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Hyperion Records

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The purified soul is like a bright, beautiful chamber by Elizabeth Wang (b1942)
Private Collection / © Radiant Light / Bridgeman Art Library, London
Track(s) taken from CDA67799
Recording details: January 2009
St Alban's Church, Holborn, London, United Kingdom
Produced by Mark Brown
Engineered by Julian Millard
Release date: November 2009
Total duration: 16 minutes 19 seconds

'Sound moments of raptural texture (such as the word 'Christ' in Hail, Queen of Heaven, by the far the most substantial piece on this programme) … Dubra's natural home is a mood of controlled meditation and lyrical clarity … this style is well handled by the Choir of Royal Holloway, whose clean-edged sound, under Gough's sympathetic direction, warms to the generous acoustic of St Alban's, Holborn' (Gramophone)

'Royal Holloway's fabulous choristers and their inspired conductor convey the purity and spiritual fervour of Dubra's ear-catching output' (Classic FM Magazine)

Missa de Spiritu Sancto
September to October 2001; published in 2007; upper voices and organ; commissioned by the Lithuanian Academy of Music
author of text
Ordinary of the Mass

Kyrie  [3'04] GreekEnglish
Gloria  [4'42] LatinEnglish

Introduction  EnglishFrançaisDeutsch
The Missa de Spiritu Sancto for upper voices was the result of a commission from the Lithuanian Academy of Music in 2001. As Lithuania is a much more predominantly Catholic country, this Mass was clearly destined for liturgical as well as concert use. The Kyrie creates a timeless atmosphere imbued with elements of organum. The Gloria, by contrast, is suitably exuberant and here the choral writing is more homophonic. For the softer sections the melody moves in octaves with the other voices providing harmonic colour in the middle. This style of writing is exploited more in the Sanctus where the parallel octaves are part of six-part cluster chords. To this jubilant chant the organ provides an accompaniment akin to a peal of bells. The more reverential Agnus Dei utilizes a simple four-part harmonized melody as a refrain. Juxtaposed with this is a minimalist organ accompaniment. For the concluding ‘dona nobis pacem’ all the elements come together but slowly work outwards towards complete freedom of expression. The result is celebratory and yet, as in so many pieces, never conclusive.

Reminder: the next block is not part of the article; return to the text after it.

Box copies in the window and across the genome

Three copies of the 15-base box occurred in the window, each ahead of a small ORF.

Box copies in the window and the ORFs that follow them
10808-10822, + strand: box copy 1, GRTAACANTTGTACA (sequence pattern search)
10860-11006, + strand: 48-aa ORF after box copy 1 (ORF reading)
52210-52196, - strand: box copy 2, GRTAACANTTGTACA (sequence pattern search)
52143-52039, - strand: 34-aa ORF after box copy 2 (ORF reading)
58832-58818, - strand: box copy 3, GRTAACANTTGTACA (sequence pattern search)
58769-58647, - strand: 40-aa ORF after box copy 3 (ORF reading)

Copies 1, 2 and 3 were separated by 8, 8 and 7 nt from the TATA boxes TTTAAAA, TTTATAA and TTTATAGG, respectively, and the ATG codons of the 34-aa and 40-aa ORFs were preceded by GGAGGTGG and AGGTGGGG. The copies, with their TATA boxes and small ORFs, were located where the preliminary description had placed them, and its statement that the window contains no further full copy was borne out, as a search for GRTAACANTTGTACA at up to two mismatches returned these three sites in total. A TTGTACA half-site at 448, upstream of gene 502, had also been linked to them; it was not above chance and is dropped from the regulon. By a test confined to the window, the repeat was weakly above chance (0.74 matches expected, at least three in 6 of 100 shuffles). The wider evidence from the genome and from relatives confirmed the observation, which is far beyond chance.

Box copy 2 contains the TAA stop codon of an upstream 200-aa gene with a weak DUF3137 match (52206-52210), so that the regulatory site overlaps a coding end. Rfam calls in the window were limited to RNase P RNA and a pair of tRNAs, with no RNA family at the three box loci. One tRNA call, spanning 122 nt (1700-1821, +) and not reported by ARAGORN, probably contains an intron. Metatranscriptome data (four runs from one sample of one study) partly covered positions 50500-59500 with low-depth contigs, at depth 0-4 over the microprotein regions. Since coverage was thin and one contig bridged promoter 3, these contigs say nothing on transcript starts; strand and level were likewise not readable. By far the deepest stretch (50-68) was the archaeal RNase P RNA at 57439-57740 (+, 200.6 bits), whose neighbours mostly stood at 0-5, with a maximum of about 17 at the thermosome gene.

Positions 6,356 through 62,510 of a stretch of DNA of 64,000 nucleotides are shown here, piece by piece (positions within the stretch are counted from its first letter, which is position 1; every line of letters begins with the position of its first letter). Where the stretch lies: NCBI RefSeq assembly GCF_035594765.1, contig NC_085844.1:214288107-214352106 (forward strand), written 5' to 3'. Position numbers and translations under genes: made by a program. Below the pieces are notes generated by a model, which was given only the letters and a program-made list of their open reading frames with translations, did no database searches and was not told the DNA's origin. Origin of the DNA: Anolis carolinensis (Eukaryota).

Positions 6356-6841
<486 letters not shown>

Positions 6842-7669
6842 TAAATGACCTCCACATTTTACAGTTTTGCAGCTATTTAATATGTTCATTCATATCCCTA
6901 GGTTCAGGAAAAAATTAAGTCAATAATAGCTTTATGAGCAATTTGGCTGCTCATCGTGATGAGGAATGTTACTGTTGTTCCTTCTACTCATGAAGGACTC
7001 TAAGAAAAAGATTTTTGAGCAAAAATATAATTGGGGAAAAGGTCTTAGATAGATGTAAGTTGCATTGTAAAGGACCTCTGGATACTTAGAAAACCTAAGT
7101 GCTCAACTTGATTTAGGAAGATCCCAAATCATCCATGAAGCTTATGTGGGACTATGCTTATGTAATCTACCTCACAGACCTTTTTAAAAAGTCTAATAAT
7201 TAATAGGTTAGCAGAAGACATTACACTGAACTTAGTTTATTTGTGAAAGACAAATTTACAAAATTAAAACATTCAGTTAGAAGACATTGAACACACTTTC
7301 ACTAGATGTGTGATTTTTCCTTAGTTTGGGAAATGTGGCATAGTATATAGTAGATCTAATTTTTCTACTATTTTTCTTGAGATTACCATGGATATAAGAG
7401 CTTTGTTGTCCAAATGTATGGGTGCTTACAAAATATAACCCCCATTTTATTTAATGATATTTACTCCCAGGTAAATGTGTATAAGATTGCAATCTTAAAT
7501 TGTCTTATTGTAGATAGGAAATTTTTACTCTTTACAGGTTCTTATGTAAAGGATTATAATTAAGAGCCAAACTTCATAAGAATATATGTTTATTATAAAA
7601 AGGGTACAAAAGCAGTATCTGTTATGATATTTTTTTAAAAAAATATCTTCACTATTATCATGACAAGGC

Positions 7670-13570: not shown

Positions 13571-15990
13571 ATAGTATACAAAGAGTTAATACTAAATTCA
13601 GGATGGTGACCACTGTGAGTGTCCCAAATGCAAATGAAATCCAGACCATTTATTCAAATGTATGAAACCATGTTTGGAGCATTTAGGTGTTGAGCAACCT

from notes by Rupert Gough © 2009

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